In May last year the entrepreneur David Hieatt appeared on the front page of his local newspaper in Cardigan, west Wales, appealing for skilled machinists with specialist knowledge of making jeans to work in a new denim factory in the area. Hieatt, who founded the action sports clothing company Howies in 1995 with his wife, Clare (they sold it to Timberland in 2006), was in the process of launching a new venture, Hiut Denim Co. In response to the newspaper article, he was inundated with applications from locals, many of whom said the same thing: ‘I want to make jeans again.’
Almost a decade ago, 400 people in Cardigan, a tenth of the town’s population, with hundreds of years’ experience making jeans between them, were made redundant when the Dewhirst Group shut the doors to its clothing factory and moved production to Morocco. Dewhirst was Cardigan’s biggest employer and the factory had been producing 35,000 pairs of jeans each week for the likes of Marks & Spencer and Gap. At a time when provenance matters greatly to consumers, manufacturing his product in Britain gives Hiut Denim Co a head start in the market, but Hieatt says he ‘can’t count on craftsmanship alone’. What he needs to do, he says, is to ‘change the jeans industry through ideas
Hieatt has called on some of his more technologically minded friends to help him with his big idea for Hiut Denim Co. ‘We are building an app called History Tag,’ he says, ‘and our jeans will be the first in the world that will have their whole history recorded.’ This idea will become a badge of honour for companies who make products that last, and the longer you make something last the more stories it has to tell.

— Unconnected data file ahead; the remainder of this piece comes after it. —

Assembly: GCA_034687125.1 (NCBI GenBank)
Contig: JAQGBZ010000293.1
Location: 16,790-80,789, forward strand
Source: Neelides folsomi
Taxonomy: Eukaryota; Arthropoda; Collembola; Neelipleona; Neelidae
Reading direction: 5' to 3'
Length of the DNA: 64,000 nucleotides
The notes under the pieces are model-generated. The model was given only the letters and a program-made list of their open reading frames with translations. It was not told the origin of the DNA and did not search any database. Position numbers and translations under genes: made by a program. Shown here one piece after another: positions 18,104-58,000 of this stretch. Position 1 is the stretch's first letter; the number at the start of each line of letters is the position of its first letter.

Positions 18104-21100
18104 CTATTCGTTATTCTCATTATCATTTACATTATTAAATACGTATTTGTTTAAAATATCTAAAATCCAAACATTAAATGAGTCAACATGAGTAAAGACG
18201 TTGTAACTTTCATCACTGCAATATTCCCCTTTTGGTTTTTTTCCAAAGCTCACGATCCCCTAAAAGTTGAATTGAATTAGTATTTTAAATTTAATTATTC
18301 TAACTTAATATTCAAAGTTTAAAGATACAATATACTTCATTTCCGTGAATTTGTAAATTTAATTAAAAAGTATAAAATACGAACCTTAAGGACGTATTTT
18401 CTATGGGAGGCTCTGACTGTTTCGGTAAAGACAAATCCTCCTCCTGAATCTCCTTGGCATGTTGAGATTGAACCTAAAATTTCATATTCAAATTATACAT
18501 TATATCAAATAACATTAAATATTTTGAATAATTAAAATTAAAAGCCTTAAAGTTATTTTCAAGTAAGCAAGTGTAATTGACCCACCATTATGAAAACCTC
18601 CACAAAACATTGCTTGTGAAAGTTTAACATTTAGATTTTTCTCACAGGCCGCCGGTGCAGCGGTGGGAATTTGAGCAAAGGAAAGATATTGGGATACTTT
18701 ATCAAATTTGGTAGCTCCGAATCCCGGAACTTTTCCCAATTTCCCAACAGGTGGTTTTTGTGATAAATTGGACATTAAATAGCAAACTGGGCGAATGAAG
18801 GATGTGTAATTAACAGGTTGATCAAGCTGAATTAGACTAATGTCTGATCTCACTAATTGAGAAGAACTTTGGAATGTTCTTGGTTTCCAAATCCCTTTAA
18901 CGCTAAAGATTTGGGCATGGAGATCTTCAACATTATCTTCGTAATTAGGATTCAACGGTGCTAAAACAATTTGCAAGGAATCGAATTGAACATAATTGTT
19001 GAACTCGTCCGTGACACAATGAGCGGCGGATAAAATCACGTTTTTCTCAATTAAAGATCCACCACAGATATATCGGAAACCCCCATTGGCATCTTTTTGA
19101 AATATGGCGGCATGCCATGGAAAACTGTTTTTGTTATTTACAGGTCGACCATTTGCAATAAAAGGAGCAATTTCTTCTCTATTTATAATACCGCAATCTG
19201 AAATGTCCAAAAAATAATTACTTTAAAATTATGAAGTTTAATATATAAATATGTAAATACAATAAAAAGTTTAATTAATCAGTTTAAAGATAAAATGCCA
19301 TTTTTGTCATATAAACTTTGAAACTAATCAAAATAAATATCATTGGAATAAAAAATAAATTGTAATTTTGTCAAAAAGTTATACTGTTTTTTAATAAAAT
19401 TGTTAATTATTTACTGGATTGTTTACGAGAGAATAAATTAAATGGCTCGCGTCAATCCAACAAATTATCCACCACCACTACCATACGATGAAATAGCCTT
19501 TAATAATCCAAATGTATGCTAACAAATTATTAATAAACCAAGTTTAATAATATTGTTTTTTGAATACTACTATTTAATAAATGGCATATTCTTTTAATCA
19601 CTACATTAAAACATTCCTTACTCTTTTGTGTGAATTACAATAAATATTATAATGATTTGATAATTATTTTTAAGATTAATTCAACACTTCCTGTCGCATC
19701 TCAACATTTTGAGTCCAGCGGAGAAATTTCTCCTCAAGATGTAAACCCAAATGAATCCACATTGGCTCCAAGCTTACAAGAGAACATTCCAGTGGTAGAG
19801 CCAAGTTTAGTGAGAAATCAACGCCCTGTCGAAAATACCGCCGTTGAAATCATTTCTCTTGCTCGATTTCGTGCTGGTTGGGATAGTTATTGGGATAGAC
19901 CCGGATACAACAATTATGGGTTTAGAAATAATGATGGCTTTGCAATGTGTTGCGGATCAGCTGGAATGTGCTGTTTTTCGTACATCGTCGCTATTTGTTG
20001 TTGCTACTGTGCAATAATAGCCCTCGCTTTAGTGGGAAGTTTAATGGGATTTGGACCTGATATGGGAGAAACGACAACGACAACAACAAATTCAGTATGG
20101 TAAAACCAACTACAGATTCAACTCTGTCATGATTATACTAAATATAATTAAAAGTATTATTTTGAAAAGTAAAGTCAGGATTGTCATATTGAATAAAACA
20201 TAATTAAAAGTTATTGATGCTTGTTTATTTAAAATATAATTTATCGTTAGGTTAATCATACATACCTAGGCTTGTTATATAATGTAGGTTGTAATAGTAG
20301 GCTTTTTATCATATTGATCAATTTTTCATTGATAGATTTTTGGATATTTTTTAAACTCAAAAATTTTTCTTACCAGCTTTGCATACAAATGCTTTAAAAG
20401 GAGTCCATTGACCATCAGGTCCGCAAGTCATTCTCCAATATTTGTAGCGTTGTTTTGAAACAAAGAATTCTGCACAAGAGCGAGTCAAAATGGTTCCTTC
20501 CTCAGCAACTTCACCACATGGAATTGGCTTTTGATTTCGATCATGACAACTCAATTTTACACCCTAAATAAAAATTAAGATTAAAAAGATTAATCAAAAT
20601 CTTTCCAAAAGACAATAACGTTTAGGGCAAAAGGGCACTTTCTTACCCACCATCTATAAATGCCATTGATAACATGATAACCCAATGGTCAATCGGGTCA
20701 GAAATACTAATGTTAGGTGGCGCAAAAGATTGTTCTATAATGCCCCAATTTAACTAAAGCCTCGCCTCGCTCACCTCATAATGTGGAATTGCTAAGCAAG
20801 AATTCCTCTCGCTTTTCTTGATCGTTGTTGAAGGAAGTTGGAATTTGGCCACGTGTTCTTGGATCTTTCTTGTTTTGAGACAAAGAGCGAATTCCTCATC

What we are trying to pull off here is crazy hard. We are trying to bring manufacturing back home when the story is always that manufacturing leaves never to come back. But our town wants to make jeans again. It spent 3-4 decades learning how to do that well. And it is not going to let that skill go without a fight.
This is our fight.
But we will not rely just on sentiment of our town making jeans, and superior quality. That will only make us as good as the best. And that will not be enough for us to get the town making jeans again. A big part of the fight will be our ability to have ideas that have never been done before. The HistoryTag is just one. There will be more. And judging by the sheer number of orders, people want us to win. We had almost 3 months worth of orders within the first two weeks. That has brought with its problems to solve. And we have had some teething problems. So I want to share some of the Lessons I have learnt so far.
Doing the right thing isn’t the same as doing the smart thing.
This is my learning about doing the right thing. We made the decision to make orders in the date that they were received. It was the right thing to do. But it meant we would be making one of this, and one of that. We were doing the right thing, for sure. But we were also doing the most in-efficient thing too. Instead of making 50 pairs a week, we would be lucky to be making 25 pairs.
So our desire to get everyone their jeans meant people were waiting much longer than they had too. It was the opposite of what we wanted. Yup, doing the right thing isn’t always the same as doing the smart thing. We now make our production in bulk.